Click for large image at Kimble Charting Solutions.

Other Economics and Business Items of Note and Miscellanea

  • Massive insider selling spurs stock market concerns (CNBC)   Corporate insiders have been selling their shares at near-record levels, and according to some, this could be a sign for outside investors to start selling as well.  Investment research firm TrimTabs reported on Wednesday that insider selling reached $7.6 billion for the month of November, the fourth-highest monthly level on record. For some this may be an alarming indicator, as corporate insiders tend to have more knowledge than public shareholders on the inner workings of the company, and what may drive stock prices up or down.  Econintersect:  Follow the weekly Insider Trading Report (Asif Suria, GEI Investing) - latest report:  Insider Trading 04 December 2015: Twitter Selling.

  • How Financial Criminals Use the Internet (Wealthy Retirement)   Financial criminals have noticed the power of viral marketing combined with social media.  In order to establish a bond with their victims, dishonest stock promoters or pumpers will join social media interest, alumni or even interest groups. Often, they will create several fake profiles to target members of several groups at the same time.  Pumping and dumping schemes for stocks are one area of widespread activity.

  • S&P 500 Companies That Can Afford to Pay Dividends--But Don't (Financial Planning)  Bear in mind that there are other good uses for corporate mountains of cash that can benefit shareholders. Companies can expand, acquire or repurchase stock, among other moves. But if dividends are what you seek, based on recent precedent, they aren't likely to find them here. For good dividend bets, see the next article.

  • Biggest Dividend Increases From S&P 500 Companies (Financial Planning)  Companies that keep raising dividends are the mohter lode for income seeking investors.  Here is a list of 15 ompanies that have average annual dividend increase from 42% all the way up to an astounding 114%.  That final number belongs to Helmerich & Payne (NYSE:HP) which had a dividend of $0.28 in 2012 and currently has an annual dividend rate of $2.75 based on the latest quarterly dividend of record as of 10/31/2015.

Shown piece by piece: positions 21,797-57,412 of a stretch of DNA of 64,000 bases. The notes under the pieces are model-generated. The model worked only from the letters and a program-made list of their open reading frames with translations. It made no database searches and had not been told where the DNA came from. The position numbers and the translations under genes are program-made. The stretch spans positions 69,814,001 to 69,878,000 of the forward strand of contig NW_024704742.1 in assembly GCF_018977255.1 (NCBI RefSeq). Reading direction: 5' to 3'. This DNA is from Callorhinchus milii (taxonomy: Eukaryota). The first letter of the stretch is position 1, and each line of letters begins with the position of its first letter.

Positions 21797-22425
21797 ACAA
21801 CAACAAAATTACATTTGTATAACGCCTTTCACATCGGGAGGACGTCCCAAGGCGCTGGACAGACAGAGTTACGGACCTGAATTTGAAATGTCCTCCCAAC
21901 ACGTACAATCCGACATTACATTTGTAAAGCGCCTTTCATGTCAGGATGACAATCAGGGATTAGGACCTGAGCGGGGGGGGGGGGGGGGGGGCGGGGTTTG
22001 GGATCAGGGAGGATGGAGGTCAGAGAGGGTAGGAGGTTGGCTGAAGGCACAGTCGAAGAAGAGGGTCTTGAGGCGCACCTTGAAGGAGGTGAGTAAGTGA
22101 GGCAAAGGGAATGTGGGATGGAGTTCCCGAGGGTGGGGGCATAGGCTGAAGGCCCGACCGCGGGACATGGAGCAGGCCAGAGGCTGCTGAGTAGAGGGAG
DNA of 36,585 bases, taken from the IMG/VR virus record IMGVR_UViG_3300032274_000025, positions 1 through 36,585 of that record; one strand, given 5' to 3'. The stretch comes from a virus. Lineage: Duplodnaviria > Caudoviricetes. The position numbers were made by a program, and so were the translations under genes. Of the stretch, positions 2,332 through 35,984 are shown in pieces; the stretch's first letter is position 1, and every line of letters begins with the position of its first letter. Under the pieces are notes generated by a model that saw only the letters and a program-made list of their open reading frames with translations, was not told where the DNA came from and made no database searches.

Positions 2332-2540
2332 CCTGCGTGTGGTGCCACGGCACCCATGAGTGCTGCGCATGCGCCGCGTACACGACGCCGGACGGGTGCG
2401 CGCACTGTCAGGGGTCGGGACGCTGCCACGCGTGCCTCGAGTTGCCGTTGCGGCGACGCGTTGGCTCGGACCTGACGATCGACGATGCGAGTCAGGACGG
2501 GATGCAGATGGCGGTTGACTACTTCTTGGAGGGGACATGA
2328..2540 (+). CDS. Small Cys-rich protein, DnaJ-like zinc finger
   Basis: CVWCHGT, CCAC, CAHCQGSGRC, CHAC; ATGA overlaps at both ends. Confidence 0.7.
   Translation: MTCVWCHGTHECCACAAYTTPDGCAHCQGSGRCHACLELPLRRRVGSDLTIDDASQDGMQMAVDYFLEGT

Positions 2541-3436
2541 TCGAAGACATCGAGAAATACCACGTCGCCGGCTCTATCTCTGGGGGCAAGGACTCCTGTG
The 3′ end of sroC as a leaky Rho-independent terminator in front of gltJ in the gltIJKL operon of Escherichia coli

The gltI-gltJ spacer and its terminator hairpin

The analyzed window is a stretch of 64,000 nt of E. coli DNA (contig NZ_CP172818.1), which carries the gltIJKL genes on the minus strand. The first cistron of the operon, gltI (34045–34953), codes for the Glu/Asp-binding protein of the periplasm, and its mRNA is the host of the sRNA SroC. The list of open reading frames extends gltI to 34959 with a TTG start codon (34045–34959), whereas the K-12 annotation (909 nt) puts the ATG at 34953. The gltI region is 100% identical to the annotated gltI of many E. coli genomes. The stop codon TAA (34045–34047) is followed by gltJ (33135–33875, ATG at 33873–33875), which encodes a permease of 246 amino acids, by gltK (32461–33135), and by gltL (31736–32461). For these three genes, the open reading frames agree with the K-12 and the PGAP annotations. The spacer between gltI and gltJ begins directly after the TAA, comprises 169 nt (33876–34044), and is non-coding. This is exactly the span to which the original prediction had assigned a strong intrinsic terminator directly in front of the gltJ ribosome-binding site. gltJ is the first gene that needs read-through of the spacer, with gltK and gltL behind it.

• Mohamed El-Erian: Here's the new paradigm for 2016 (CNBC)   Allianz Chief Economic Adviser Mohamed El-Erian said Thursday the new paradigm for financial markets in 2016 is divergence.  The former Pimco co-CEO told CNBC's "Squawk Box

"Are divergent central banks ... still able to repress the volatility that comes from geopolitics ... [and] economics? That is going to be the great question.  Central banks are no longer on the same side.  The Fed is going to be easing its foot off the stimulus accelerator [while] the ECB, the Bank of Japan, and the People's Bank of China are going to be pressing harder on the stimulus accelerator." 

  • 7 Reasons Businesses Should Accelerate Their Renewable Energy Strategy Now (Rocky Mountain Institute)  Yet again, Congress has been working furiously to pass a year-end version of the "Tax Extenders" bill, something that has become an annual ritual to forestall the executioner on a variety of wide-ranging temporary tax incentives. Meanwhile, those with a vested interest in the U.S. renewable energy market wait with baited breath. The bill includes provisions to extend the Production Tax Credit (PTC) and Investment Tax Credit (ITC), two powerful economic subsidies for continued renewable energy expansion.  Arguably, this year's Tax Extender legislation stands to affect no group of interested parties more than corporate or institutional (C&I) buyers of long-term renewable energy.  As seen below this area has seen exponential growth over the last three years.

Click once for large image, twice for huge image.